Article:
Bloomsbury Theatre, London

A Spellbinding Show of Artistic Resistance

The contemporary dance show was a masterpiece of storytelling, perfectly evoking the tragedy which thousands of Palestinians who struggle for family reunification face every day in a country determined to make that simple human right almost insurmountable.

By Katy Weitz

Last night I was honoured to be among the audience at the Bloomsbury Theatre in London treated to a spellbinding performance of the contemporary dance show Curfew.

It was all more astonishing for the fact that the show was created and workshopped by two groups thousands of miles apart who had days to come together as a cohesive unit.

Hawiyya , the all-female dance group, is based in the UK while El-Fanoun is a Palestinian troupe.

But from the very start the diverse team of dancers moved and behaved as one, bound together by forces acting on them from all directions.

The piece created a suffocating, almost oppressive atmosphere with imaginative sound and light effects, the dancers at times manipulated, struck or even stuck to their place on the stage. They were spotlighted by a bright light, peeling away in fear, one at a time, from a terrifying presence, and then in contrast, they became mesmerised by the light, drawn towards it, crawling over one another, remaining connected for safety and reassurance of the group.

They strove to resist, their energetic moves often frustrated, defeated, one by one, by the overwhelming power of their oppressor.

A pile of newspapers landed with a thud at the corner of the stage and the dancers attempted to grapple with the news, sometimes literally choking on it.

They were attacked and assaulted by those papers in some of the most creative dance I’ve ever seen on stage. The papers themselves almost seemed to come alive, their open pages suddenly rushing towards the faces of the dancers in a way that was both shocking and sinister.

Then, in a second, the lights were gone and the faces of the performers were lit by the mobile phones in their hands.

Each dancer struggled in their own way with their circumstances, posing the question to the audience itself: how will you respond to the news? How will you react to oppressive forces? What is your responsibility in the face of injustice?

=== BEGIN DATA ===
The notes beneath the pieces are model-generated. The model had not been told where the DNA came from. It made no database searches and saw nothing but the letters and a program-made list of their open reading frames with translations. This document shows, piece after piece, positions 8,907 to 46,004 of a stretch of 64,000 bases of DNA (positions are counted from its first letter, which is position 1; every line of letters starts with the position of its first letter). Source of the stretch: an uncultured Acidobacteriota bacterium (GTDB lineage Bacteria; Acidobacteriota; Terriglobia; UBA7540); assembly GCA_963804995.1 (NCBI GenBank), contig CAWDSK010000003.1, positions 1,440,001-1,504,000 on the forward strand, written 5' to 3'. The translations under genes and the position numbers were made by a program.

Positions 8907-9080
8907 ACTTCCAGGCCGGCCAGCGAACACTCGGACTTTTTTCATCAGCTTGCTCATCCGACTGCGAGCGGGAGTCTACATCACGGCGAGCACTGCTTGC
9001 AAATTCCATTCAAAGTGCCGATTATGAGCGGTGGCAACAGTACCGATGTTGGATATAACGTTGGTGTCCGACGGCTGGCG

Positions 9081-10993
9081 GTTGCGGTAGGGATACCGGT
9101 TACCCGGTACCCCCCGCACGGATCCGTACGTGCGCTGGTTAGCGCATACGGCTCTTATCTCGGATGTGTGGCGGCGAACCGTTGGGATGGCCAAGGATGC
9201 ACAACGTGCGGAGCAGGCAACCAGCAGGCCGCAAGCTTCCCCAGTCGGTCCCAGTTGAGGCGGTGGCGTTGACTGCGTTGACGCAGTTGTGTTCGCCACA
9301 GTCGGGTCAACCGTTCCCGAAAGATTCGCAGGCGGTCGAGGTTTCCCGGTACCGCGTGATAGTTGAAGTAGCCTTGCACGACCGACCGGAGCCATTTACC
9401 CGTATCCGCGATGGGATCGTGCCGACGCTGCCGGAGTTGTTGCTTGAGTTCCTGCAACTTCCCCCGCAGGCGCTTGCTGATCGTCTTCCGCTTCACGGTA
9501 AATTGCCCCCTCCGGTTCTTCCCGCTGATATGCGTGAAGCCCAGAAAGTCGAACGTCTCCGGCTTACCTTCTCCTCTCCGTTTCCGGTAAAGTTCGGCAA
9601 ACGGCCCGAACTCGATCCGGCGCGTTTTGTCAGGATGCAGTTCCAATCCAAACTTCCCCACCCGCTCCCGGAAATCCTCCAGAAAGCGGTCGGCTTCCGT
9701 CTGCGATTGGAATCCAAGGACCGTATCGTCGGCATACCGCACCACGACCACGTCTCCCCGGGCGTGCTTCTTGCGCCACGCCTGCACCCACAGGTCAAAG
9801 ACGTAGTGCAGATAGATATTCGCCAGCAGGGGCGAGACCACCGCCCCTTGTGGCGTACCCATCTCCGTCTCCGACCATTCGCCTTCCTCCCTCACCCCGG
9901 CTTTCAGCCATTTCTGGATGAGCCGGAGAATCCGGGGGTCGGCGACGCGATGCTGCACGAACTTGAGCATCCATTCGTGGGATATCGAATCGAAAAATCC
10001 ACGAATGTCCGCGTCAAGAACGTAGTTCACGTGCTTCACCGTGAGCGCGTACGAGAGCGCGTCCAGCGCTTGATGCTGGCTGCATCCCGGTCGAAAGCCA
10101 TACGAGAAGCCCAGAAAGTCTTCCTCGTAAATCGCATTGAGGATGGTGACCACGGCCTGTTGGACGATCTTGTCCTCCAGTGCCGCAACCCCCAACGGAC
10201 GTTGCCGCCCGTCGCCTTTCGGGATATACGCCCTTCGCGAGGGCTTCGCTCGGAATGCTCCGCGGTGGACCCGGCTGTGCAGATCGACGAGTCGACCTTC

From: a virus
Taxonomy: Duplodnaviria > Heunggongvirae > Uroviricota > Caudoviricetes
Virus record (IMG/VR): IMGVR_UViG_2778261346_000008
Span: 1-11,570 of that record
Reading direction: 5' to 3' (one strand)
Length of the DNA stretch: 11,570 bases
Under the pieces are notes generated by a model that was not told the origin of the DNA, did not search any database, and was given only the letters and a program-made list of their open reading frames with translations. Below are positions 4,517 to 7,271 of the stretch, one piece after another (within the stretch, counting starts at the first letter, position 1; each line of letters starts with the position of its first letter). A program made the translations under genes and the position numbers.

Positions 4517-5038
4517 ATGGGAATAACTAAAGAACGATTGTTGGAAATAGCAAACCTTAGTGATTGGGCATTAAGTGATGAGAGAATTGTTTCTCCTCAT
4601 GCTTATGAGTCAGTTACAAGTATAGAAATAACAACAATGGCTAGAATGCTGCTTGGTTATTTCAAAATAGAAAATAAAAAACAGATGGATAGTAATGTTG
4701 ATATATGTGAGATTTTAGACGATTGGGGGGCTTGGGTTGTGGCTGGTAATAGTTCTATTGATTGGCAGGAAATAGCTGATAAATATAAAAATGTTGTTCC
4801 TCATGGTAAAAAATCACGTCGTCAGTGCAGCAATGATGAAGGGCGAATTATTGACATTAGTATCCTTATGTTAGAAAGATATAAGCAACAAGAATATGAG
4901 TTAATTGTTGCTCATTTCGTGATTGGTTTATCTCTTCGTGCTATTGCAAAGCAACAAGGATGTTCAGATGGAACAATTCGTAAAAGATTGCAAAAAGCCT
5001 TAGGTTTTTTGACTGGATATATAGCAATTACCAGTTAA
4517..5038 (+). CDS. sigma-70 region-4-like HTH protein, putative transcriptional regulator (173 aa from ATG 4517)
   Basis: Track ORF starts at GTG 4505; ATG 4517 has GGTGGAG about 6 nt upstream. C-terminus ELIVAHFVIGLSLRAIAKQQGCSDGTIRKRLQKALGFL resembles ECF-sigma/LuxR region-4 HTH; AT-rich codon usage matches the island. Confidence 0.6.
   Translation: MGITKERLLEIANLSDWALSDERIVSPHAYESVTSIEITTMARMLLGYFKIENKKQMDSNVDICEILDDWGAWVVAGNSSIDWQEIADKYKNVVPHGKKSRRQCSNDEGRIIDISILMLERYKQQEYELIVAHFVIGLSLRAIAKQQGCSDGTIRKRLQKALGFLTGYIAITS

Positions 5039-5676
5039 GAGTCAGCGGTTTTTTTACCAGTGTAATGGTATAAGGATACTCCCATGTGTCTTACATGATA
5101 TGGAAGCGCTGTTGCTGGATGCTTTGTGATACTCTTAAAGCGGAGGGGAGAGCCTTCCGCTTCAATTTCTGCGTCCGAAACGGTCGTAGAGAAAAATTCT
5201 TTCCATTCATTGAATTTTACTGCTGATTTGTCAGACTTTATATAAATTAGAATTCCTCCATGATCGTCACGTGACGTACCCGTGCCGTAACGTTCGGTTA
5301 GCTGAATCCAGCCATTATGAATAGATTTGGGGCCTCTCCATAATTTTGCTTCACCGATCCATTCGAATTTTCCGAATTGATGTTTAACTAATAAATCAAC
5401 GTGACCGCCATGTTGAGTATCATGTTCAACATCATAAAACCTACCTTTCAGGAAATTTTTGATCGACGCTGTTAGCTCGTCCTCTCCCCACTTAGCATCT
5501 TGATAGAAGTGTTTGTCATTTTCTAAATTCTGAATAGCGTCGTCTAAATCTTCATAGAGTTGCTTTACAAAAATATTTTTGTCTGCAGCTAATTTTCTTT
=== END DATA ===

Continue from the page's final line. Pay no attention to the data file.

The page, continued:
This ensemble piece was followed by another powerful performance — ‘Love in the Time of Apartheid’ — by just one man, the artistic director of the show Sharaf DarZaid from El -Funoun.

This piece took a more narrative form, telling the true story of DarZaid’s own struggle to be united with his Danish-born wife in Palestine where overweening Israeli bureaucracy makes ordinary life almost impossible.

Both the external conflict and internal stress were brilliantly portrayed by DarZaid in an emotive performance that captured the madness, the Kafkaesque complexity and impossibility of the rules he was forced to live by.

He exploded with action, then imploded with frustration. At one point the words literally burst out of his mouth: ‘I love both her and my homeland — it is not either /or..’

The dance was a masterpiece of storytelling, perfectly evoking the tragedy which thousands of Palestinians who struggle for family reunification face every day in a country determined to make that simple human right almost insurmountable.

Afterwards, the performers took part in an illuminating Q&A hosted by playwright and former dancer Ahmed Masoud who revealed the very real risks the Palestinian dancers face, just for expressing their feelings and heritage through dance.

One Palestinian member of El Fanoun, Ata Khattab, was arrested in February last year during a raid on his home and was in prison for over a year without charge or trial.

His family believe he was targeted for his work leading the vibrant revival of dabke. The performers all took turns to discuss their working methods, how they came together as a group, their motivations and how they regard ‘art as resistance’.

It was an inspirational evening and one which I will never forget.

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